3 Entry-Level Positions To Consider After Automotive Collision Training

Automotive collision training provides a rich skill set with applications beyond hands-on repair work. With training in collision repair, individuals acquire a comprehensive understanding of vehicle structures, repair techniques, logistics, and costs. The essential skills needed in repairing vehicles that have suffered different kinds of damage—whether from accidents, weather, or wear and tear. This expertise is valuable in many roles in the automotive and insurance industries. While most people consider auto body technicians the primary career outcome, several other positions offer substantial growth opportunities for those fresh out of training. 

1. The Role of Claims Adjuster in the Automotive Industry

A Claims Adjuster typically works for an insurance company to assess vehicle damage after an accident to determine how much the insurance company should pay for repairs. This role involves visiting the accident site or the repair shop where the damaged vehicle is located. After that, make an assessment based on various factors, such as the extent of the damage, parts needed for repair, and labor costs. It’s a role that requires technical knowledge and soft skills like negotiation and communication. The adjuster often mediates the insurance company and the policyholder, ensuring the settlement is fair for both parties.

Though not hands-on in the repair process, your automotive collision training equips you with the essential technical knowledge to assess the level of damage, estimate repair costs accurately, and make more accurate assessments. This role requires strong communication and negotiation skills, as you’ll often mediate between the concerned parties. An added layer of complexity arises from dealing with different states’ insurance laws and policies. Understanding the technical aspects of vehicle repair can make you particularly effective in this role, as you can scrutinize repair estimates and claims with an informed eye.

Student in automotive collision training inspecting a collision
Automotive collision training offers a versatile set of skills within the insurance sectors.

2. Understanding the Job of Collision Estimator After Automotive Collision Training

The Collision Estimator role is another career path that people can take after completing auto estimating courses. Also known as an auto body estimator, this individual works closely with vehicle owners and repair technicians. This position is integral to collision repair shops, where you would evaluate the extent of vehicle damage and calculate the time and resources required to complete the repairs. This role demands a keen understanding of the labor and parts required to fix a damaged vehicle.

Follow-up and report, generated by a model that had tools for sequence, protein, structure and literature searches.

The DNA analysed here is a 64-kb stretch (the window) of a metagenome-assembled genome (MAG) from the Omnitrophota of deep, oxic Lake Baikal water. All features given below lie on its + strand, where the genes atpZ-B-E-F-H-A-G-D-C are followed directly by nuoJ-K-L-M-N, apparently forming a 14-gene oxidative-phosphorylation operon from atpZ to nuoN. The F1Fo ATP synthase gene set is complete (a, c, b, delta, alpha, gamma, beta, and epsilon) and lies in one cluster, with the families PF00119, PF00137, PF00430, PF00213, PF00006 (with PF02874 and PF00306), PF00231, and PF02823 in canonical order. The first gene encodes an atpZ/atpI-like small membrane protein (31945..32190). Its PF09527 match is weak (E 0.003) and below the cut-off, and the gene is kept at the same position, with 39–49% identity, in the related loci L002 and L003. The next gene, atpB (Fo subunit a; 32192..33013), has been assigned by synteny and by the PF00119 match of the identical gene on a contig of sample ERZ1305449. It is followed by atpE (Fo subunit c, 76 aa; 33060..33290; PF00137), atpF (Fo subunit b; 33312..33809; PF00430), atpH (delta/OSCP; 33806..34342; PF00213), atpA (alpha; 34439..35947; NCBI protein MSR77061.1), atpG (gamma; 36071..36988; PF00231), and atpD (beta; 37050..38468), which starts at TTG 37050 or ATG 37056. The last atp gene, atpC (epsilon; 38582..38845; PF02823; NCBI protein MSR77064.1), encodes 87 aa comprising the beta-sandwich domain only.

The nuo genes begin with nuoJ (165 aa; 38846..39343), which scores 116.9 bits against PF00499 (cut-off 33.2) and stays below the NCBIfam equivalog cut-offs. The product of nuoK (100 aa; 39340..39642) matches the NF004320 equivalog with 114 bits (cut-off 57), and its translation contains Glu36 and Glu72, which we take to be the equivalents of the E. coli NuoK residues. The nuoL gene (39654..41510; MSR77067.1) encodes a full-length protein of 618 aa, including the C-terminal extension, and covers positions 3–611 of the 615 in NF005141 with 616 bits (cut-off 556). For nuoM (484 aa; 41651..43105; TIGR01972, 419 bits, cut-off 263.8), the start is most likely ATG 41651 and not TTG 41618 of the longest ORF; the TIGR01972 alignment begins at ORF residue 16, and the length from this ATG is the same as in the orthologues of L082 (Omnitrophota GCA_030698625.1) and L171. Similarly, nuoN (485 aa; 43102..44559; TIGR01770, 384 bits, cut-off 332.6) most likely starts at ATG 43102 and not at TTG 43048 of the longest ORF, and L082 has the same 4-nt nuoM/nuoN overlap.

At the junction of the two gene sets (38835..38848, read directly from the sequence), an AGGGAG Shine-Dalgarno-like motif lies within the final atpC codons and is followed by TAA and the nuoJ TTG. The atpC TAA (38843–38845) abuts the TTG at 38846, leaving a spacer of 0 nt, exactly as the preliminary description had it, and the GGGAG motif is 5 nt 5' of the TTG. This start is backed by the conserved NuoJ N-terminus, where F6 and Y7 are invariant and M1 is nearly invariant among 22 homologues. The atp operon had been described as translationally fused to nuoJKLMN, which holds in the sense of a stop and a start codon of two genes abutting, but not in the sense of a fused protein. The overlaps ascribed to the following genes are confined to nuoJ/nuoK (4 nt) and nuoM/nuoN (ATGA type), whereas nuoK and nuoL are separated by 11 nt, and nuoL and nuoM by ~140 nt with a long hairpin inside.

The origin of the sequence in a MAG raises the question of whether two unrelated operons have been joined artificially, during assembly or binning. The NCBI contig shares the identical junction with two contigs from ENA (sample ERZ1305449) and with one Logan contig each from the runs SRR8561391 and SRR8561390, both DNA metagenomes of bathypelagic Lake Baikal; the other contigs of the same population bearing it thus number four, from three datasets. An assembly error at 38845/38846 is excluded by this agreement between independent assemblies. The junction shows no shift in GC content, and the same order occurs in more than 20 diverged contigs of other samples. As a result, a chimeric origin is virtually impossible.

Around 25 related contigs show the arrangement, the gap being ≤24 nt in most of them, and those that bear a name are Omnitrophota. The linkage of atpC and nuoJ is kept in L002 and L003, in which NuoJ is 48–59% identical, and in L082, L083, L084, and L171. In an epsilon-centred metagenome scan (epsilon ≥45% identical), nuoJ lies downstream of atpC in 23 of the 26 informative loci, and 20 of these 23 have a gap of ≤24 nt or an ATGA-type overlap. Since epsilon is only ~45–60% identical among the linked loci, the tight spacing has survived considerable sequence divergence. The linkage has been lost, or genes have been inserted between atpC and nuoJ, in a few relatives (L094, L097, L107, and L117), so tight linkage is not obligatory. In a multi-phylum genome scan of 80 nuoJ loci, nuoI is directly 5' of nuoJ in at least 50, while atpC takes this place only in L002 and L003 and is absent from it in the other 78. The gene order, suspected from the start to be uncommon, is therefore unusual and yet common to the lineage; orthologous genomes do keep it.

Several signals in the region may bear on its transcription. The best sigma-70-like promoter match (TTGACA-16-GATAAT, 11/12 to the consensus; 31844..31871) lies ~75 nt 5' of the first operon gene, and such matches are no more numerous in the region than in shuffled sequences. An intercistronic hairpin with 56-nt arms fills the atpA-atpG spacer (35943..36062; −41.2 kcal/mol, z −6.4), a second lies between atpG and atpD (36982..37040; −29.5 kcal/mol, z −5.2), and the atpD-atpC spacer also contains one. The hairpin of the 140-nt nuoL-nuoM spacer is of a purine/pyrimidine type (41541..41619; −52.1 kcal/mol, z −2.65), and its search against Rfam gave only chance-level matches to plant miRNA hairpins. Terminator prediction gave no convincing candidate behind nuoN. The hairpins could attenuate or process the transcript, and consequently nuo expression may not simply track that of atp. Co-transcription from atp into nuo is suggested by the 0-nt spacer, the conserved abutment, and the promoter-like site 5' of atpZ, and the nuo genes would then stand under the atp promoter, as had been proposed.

Collision Estimators often work at auto body shops or dealerships, providing quotes to customers and insurance companies. They are responsible for inspecting the damaged vehicle, listing the repairs and resources needed, estimating the time and cost involved, and then communicating this information clearly to technicians and vehicle owners. Collision Estimators bridge the gap between the automotive industry’s technical and customer service aspects. Their accurate assessments help facilitate the repair process, making it smoother for all parties involved.

Student in automotive collision training working on a vehicle
Understanding these entry-level positions can help you make an informed career choice.

3. The Hands-On Career Of Collision Repair Technician

Following automotive collision training, the most straightforward career option is becoming a Collision Repair Technician. In this hands-on role, you are at the front line of taking damaged vehicles and restoring them to their original condition. The scope of work can vary widely, from minor dent removal to the complete overhaul of major vehicle systems. 

It’s a job that involves technical skills and a level of artistry to ensure that the vehicle’s appearance is restored to a pristine condition. Mastering various tools, understanding materials, and learning the intricacies of paint matching are all part of the daily job. Beyond repairs, you often collaborate with Collision Estimators and Claims Adjusters, providing valuable insights into the repair process and costs. It’s a role that offers immediate job satisfaction, as the fruits of your labor are visible in each restored vehicle.

Are you considering auto careers?

Contact ATC Surrey to learn how you can get started.

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